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  • Writer's pictureSerena Johnson

This phrase was coined by an author and poet named Stephen Levine and it struck me since the first day I read these words. He writes that "unattended sorrow is a secret wellspring of love begging to be acknowledged and fully felt". Have you refused to acknowledge your sorrow by denying them or delaying the process of it?

That question is worth pondering for a minute. Many times we don't even realize that we have not allowed ourselves to process the losses that we have occurred through the years whether that be by death or a symbolic loss.

Take a moment to look back over your life and stop and ask yourself if there are any unattended sorrows. What aches have I suppressed?

Because until we process our losses, we might find it hard to life a life "wholly without pain" ~Stephen Levine.

We all desire to live fulfilling lives capable of resilience, hope and peace right? Unattended sorrows weave in and manifest itsself in all areas of our lives in ways that we may not even recognize. It can surface as doubt, anger, jealousy, fear, resentment, and chronic physical ailments. Unattended sorrows cause us more suffering than the actual pain of our loss.

The first step to healing for most of us is the acknowledgement of our sorrow. We get closer to true healing when we invite Jesus to enter into the spaces of our pain with awareness, grace & mercy. The mercy that is needed is actually us extending mercy to ourselves. We are so hard on ourselves when we've suffered loss- we fight to get back to normal, we stuff or self medicate our grief away... everything but face it. We need to show ourselves mercy, compassion and forgiveness, in order to turn towards our pain in an effort to heal. Towards our pain... is different than fighting or flighting. In order to attend to our sorrows, we must turn towards our pain.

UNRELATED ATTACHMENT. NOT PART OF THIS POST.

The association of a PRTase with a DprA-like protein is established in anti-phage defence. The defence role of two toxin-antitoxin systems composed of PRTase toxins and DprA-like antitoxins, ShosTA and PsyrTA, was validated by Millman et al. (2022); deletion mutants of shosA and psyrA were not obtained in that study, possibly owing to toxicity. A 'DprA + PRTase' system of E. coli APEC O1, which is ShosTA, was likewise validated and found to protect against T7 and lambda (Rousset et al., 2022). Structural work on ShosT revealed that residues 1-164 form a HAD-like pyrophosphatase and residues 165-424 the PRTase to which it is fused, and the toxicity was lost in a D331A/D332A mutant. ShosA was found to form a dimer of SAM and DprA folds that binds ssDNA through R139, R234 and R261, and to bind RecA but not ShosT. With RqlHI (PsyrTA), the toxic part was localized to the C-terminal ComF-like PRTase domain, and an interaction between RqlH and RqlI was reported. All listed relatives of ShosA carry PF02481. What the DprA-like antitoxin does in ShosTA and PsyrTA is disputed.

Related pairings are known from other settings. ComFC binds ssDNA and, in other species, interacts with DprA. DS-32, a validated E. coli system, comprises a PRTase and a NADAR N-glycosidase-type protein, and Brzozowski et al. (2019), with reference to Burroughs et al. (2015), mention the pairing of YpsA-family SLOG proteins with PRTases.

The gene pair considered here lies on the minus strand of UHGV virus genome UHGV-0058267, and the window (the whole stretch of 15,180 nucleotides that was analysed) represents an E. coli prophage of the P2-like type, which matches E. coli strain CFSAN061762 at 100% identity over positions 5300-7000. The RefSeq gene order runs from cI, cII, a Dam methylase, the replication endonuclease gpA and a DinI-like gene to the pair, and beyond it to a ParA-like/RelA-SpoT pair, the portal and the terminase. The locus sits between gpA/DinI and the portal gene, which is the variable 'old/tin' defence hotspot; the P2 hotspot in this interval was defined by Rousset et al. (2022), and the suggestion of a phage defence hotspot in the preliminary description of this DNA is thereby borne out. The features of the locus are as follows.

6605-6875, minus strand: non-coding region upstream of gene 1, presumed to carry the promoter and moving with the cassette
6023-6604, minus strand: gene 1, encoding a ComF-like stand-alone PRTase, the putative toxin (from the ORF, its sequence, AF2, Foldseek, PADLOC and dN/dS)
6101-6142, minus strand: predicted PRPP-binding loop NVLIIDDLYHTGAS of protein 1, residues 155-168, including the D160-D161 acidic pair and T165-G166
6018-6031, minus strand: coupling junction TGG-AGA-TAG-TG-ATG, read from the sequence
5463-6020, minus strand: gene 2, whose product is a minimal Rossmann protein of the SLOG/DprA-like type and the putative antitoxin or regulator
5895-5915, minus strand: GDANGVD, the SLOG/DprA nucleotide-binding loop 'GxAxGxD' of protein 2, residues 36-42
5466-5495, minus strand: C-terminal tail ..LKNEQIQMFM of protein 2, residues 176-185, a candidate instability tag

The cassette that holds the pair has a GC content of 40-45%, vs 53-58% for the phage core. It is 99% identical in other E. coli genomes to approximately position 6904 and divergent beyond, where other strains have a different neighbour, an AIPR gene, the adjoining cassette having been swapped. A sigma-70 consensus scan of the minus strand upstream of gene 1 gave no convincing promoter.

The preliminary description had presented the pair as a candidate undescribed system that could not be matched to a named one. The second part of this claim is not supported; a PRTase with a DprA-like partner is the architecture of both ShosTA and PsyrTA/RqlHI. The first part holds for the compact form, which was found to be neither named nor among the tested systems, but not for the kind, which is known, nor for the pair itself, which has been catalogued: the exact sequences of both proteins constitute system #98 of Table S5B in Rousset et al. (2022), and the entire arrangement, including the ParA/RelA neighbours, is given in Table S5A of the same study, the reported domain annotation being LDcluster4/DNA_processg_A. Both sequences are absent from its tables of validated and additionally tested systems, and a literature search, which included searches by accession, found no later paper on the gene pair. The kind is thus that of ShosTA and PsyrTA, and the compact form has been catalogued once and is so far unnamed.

We have a natural resistance against pain and are unwilling to experience anything unpleasant. We ALL do it! Some of us put off dentist appointments for fear of oral procedures, avoid doctors visits for the discomfort of poking and proding due to blood work, put off confronting a loved one about something we're offended by and avoid going certain places due to the heckticness of rush hour. We avoid unpleasant experiences and pains at all costs!

With the Lord's help, we must learn to open our hearts to the pain that we have avoided in order to heal. Unattended sorrow doesn't just reside in a space of our hearts but our minds as well, leaving us powerless at times because of it's un-dending knocking.

There is such a place called "the other side of grief", where your sorrows don't wipe you out each time you grieve. Where you'll wake up to fully embrace the beauty of life after loss. There will come a day, as you attend to your sorrows, that you'll be able to remove the load of the "Great Sadness", as talked about in The Shack (an American movie & novel). Mack, a character from The Shack, was in such great despair after the kidnapping and murder of his daughter.

Mack dealt with such intense and prolonged anger, guilt and unforgiveness that it depleted the life from his soul. His unattended sorrows caused him such pain and suffering. It wasn't until he entered into his pain with the Lord, with mercy and grace that he was able to find healing.

I encourage you all to do the same today. I know I had to take this same step over 3 1/2 years ago because I was drowning due to my unattended sorrow. You don't have to tend to your sorrows alone. I invited the Lord into every aspect of my journey and my heart has had the greatest companion of comfort.

And for that I'm forever grateful!


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